Vatican seeks to be `ally' with victims on abuse

November 1, 2010

VATICAN CITY (RNS) The Vatican's top spokesman appealed to victims
of pedophile priests who demonstrated near the Vatican on Sunday (Oct.
31) to regard the Catholic Church as an "ally" in the struggle against
the sexual abuse of children.


Following a private meeting with the spokesman, however, protest
leaders expressed only frustration and disappointment.


Scores of sex abuse victims from as many as a dozen countries
gathered in Rome on Sunday evening to protest the Roman Catholic
Church's record on child protection and outreach to victims of pedophile
priests.


The event was billed as "Reformation Day" and scheduled for the
anniversary of the 1517 protest by Martin Luther that set off the
Protestant Reformation.


Barred by Vatican policy from demonstrating in St. Peter's Square,
the protestors assembled outside Castel Sant'Angelo about half a mile
away. Organizers claimed to have drawn well over 100 participants,
though some observers counted as few as 60.


The largest contingent was of former students from a school for the
deaf in Verona, Italy, who claimed to have been raped by a priest there
in the 1960s.


Participants wore t-shirts bearing the word "Enough!" in English,
German and Italian, and carried signs with slogans including "Shame" and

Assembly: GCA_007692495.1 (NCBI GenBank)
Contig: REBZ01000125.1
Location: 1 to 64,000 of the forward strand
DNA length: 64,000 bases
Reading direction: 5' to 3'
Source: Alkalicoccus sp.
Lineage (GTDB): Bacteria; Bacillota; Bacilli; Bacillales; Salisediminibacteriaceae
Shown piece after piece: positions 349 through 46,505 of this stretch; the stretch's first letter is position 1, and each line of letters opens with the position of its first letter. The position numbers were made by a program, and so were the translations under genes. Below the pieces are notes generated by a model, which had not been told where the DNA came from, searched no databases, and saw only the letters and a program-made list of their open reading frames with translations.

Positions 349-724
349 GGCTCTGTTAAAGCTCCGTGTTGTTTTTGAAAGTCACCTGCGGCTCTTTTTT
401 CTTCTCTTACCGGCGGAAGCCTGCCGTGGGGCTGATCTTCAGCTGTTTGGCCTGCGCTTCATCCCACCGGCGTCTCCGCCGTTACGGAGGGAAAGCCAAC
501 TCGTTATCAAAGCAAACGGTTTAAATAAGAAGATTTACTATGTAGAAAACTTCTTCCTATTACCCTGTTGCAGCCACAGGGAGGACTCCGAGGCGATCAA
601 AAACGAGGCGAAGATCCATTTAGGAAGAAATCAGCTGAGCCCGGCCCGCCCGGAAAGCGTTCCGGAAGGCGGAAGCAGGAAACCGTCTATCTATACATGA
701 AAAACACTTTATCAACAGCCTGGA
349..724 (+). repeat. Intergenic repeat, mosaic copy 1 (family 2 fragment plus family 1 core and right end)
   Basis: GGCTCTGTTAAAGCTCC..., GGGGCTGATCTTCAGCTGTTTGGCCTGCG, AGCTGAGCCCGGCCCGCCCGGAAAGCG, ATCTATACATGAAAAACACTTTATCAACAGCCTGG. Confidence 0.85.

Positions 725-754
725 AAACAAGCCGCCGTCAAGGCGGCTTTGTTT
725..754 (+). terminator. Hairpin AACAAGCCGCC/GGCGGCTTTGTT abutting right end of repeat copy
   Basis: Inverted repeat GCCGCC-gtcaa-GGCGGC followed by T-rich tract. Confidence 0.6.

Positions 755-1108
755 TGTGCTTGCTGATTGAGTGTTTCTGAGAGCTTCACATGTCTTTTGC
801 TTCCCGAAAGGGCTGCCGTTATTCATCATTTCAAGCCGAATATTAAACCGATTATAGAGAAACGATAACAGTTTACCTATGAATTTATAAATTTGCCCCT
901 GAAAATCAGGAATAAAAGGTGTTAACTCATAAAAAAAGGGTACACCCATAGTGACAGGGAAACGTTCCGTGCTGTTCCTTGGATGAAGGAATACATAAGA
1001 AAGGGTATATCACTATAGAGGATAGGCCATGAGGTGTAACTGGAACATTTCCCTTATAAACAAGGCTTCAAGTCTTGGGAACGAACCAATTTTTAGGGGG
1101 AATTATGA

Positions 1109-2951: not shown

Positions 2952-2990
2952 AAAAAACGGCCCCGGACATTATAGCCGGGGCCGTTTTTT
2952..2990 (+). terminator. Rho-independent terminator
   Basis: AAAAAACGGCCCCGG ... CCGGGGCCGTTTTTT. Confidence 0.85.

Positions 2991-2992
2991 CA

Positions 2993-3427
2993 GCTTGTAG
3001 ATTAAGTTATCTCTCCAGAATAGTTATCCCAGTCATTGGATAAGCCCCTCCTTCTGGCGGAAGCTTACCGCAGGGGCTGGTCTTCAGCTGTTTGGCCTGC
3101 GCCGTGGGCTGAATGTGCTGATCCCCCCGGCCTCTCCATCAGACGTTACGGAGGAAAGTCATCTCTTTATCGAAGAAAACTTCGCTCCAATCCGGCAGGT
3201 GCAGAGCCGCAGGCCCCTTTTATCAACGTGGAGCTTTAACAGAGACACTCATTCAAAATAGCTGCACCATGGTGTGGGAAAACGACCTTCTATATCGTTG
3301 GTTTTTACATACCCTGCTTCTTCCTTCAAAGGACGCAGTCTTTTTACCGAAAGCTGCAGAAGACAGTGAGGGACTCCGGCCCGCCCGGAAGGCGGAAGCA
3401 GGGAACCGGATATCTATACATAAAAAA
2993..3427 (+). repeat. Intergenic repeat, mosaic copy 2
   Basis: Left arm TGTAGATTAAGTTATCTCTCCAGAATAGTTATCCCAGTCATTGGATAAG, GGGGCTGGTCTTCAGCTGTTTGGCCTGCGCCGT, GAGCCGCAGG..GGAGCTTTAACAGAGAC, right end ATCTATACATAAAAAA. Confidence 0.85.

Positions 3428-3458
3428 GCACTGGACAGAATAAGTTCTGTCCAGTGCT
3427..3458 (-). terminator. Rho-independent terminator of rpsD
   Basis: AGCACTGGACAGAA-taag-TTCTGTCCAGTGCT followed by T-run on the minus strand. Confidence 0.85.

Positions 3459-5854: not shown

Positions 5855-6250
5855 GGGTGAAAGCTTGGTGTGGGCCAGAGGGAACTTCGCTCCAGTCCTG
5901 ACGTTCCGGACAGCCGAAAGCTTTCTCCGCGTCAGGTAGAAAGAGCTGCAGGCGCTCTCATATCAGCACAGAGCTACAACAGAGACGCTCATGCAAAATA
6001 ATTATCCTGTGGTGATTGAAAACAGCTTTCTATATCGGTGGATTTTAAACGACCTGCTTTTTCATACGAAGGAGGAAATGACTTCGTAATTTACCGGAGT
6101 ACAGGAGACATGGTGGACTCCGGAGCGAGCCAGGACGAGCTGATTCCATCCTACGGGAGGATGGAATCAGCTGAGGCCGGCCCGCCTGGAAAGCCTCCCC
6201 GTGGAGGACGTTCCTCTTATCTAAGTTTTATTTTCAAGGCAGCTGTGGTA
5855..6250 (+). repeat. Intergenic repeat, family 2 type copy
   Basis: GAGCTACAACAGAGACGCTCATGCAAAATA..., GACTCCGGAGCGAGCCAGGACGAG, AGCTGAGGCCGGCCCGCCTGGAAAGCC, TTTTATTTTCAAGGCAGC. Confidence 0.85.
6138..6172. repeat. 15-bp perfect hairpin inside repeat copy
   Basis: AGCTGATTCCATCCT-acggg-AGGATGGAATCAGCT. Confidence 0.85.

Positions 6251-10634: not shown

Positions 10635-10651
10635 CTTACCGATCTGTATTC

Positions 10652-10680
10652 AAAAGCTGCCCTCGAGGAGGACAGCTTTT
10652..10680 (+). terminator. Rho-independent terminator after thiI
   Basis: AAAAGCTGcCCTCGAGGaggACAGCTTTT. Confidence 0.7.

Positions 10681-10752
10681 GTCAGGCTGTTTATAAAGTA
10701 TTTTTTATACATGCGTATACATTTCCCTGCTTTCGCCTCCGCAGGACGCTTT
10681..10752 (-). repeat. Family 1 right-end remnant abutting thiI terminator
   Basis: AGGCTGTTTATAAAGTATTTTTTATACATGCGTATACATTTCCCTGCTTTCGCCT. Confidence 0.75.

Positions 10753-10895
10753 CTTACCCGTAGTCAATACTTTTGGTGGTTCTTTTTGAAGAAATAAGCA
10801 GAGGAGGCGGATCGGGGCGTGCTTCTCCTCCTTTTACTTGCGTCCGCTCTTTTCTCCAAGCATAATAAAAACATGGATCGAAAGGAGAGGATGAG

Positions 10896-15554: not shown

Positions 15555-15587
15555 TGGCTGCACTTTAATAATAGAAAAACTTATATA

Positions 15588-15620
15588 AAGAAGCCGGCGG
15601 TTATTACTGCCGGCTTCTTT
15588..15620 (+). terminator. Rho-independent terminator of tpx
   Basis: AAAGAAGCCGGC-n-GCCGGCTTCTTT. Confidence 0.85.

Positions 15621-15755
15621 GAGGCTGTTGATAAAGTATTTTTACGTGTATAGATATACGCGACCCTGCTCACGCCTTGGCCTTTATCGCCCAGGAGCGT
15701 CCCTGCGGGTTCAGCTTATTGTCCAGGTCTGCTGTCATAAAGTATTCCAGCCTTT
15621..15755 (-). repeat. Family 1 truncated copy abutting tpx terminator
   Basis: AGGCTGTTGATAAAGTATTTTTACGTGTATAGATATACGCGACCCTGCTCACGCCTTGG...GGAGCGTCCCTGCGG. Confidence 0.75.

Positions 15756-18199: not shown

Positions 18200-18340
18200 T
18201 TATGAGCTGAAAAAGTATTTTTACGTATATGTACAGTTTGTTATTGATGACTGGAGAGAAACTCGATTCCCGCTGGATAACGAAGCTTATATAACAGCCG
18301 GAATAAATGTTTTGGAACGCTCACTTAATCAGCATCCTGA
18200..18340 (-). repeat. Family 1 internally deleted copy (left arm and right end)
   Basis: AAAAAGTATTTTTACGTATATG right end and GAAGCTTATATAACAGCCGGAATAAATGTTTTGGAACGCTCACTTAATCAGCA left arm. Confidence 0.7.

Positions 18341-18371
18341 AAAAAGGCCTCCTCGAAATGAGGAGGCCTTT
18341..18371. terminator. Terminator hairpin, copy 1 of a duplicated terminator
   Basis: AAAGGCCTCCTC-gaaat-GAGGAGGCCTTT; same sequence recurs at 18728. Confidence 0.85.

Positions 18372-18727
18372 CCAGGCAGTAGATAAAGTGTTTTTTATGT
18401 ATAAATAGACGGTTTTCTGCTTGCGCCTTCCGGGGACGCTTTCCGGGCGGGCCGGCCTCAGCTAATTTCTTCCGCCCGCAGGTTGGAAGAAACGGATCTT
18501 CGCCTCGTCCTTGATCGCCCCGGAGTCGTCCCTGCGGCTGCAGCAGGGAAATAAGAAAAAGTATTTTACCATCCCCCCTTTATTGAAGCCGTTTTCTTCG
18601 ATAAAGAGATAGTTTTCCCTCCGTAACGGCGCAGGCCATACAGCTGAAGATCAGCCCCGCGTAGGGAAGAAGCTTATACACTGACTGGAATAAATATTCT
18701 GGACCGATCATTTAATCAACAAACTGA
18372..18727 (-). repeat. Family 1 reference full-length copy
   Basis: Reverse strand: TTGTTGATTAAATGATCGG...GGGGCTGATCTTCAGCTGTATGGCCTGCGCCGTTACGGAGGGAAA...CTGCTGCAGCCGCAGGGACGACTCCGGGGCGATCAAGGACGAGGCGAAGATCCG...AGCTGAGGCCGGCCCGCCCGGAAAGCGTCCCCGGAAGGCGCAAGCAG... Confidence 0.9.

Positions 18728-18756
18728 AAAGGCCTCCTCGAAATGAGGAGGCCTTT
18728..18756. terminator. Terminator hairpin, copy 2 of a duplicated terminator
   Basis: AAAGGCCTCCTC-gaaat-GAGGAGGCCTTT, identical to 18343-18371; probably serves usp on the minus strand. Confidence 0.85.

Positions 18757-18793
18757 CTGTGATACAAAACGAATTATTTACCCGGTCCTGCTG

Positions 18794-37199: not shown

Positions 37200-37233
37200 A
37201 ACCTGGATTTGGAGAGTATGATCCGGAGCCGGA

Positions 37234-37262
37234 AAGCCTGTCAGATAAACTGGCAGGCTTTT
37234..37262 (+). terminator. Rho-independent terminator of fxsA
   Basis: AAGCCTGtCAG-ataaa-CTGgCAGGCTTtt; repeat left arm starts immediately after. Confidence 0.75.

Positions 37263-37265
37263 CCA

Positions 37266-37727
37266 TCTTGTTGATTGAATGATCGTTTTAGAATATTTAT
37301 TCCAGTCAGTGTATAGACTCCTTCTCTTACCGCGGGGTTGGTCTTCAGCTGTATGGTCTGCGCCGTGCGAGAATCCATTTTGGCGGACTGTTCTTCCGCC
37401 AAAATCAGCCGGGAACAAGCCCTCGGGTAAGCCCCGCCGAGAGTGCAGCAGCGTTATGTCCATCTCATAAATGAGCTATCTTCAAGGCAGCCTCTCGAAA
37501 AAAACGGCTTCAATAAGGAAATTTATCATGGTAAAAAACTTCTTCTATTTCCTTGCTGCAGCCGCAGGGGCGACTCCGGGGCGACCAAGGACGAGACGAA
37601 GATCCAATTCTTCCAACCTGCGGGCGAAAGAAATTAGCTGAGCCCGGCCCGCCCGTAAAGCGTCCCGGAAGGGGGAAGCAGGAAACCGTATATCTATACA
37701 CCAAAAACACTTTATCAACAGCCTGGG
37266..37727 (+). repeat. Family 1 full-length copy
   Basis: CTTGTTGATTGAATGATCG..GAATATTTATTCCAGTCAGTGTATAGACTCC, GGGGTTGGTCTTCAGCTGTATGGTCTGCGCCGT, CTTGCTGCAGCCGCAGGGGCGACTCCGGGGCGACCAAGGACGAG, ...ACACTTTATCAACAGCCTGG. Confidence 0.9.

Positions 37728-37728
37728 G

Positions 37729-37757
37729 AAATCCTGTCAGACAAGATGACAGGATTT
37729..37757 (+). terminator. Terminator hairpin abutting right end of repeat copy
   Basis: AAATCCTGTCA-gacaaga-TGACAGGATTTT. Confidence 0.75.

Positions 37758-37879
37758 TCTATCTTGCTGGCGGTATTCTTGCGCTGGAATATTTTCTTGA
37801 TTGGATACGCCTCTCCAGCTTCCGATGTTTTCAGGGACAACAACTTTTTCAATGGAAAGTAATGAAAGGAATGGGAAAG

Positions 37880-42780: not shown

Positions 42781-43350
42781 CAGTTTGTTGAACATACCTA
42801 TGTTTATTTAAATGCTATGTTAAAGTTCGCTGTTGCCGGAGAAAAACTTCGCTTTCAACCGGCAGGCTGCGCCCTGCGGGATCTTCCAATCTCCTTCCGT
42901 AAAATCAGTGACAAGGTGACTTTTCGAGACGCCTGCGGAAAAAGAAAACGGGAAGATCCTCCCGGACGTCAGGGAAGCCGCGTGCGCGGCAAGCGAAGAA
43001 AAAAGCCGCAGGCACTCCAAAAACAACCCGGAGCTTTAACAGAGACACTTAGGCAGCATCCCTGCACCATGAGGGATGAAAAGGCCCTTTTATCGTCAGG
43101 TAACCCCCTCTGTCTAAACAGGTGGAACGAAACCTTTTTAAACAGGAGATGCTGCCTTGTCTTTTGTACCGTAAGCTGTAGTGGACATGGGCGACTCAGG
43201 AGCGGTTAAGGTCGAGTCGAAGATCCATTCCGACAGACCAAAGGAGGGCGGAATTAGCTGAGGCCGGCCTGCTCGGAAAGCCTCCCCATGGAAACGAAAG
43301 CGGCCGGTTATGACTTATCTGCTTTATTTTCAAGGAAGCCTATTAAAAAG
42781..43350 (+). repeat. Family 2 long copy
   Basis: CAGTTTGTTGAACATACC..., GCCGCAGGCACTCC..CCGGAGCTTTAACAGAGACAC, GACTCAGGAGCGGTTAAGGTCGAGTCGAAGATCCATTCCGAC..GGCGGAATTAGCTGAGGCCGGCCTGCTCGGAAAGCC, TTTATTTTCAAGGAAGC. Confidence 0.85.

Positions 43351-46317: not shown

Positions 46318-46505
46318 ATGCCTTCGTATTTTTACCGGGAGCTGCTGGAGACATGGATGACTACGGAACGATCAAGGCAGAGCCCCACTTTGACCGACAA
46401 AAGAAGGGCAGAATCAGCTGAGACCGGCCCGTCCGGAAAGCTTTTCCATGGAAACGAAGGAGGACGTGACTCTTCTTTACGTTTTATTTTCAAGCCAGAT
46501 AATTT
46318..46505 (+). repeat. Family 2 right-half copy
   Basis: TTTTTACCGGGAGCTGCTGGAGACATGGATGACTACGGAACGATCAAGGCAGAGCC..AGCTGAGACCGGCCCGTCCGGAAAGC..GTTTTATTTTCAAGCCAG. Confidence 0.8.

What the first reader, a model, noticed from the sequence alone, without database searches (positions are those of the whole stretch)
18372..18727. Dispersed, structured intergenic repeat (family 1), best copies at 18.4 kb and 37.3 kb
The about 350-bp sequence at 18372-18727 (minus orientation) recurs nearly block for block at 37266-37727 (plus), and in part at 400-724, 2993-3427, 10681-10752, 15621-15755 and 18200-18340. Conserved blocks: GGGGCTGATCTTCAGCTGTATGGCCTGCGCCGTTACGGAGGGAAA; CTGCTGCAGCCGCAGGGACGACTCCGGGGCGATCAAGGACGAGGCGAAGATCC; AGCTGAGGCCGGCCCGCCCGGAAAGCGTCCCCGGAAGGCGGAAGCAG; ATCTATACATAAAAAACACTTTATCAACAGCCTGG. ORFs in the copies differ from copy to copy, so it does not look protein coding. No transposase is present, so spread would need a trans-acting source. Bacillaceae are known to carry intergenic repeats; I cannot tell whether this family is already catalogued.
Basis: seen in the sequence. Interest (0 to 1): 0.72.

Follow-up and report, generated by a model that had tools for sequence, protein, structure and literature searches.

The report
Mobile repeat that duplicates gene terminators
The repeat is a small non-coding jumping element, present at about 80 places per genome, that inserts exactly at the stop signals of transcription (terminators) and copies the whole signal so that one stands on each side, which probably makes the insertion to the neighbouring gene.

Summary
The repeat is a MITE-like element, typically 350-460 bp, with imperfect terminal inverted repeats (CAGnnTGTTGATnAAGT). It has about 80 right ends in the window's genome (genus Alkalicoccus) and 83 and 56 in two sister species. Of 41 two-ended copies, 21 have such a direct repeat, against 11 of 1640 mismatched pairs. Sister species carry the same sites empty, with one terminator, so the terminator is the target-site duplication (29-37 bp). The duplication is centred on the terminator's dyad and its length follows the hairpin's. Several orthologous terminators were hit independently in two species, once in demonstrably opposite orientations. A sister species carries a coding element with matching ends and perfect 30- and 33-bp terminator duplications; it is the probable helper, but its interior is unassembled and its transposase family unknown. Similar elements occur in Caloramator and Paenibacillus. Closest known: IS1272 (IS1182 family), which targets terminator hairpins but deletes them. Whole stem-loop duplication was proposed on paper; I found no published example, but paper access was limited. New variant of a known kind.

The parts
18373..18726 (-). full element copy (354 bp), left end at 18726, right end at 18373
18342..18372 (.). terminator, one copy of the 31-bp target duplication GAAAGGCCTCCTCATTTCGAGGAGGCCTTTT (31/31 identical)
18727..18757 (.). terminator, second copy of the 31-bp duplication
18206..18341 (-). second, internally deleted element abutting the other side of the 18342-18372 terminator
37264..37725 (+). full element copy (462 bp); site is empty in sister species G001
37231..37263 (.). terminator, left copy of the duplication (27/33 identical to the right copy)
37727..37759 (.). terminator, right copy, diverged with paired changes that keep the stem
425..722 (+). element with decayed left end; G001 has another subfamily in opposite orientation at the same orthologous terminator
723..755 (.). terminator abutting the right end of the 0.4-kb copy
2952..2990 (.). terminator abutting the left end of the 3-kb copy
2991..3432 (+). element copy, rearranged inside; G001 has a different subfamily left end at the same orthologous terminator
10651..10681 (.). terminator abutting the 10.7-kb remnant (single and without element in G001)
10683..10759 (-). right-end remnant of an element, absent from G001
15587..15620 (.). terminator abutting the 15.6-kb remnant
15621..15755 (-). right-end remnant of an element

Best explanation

"Hands off children." Later, they lit candles and observed a minute of
silence for all survivors of sex abuse.


Shortly before the scheduled start of the rally, the Rev. Federico
Lombardi, director of the Holy See Press Office, approached the group
intending to read a statement calling on them to "look at the church
ever more ... as an ally already active today in the pursuit of the most
noble goals of your endeavors."


When protestors greeted him with derisive shouts and whistles,
Lombardi left without reading the statement, but offered to meet with
representatives at his office across the street.


After speeches by Bernie McDaid and Gary Bergeron of the
Massachusetts-based group Survivor's Voice, the protestors attempted to
march to the Vatican itself but were stopped by police. McDaid was part
of the first group of sex abuse victims ever to meet privately with a
pope, during Pope Benedict XVI's visit to the U.S. in April 2008.


Bergeron and another protestor, Paula Leerschool of the Netherlands,
were permitted to proceed under police escort to the Apostolic Palace,
which houses the residence and office of Pope Benedict XVI, where they
left dozens of letters from sex abuse victims in various countries. They
then placed a few small stones at the base of the obelisk in St. Peter's
Square, as a symbolic trail marker for other sex abuse victims.


Bergeron, McDaid and six others, including victims and family
members, met with Lombardi in his office for about an hour after the
rally.


"He was basically honest enough to admit that he didn't know what to
do and didn't have the power to do anything," McDaid said. "We soon
realized we were getting nowhere."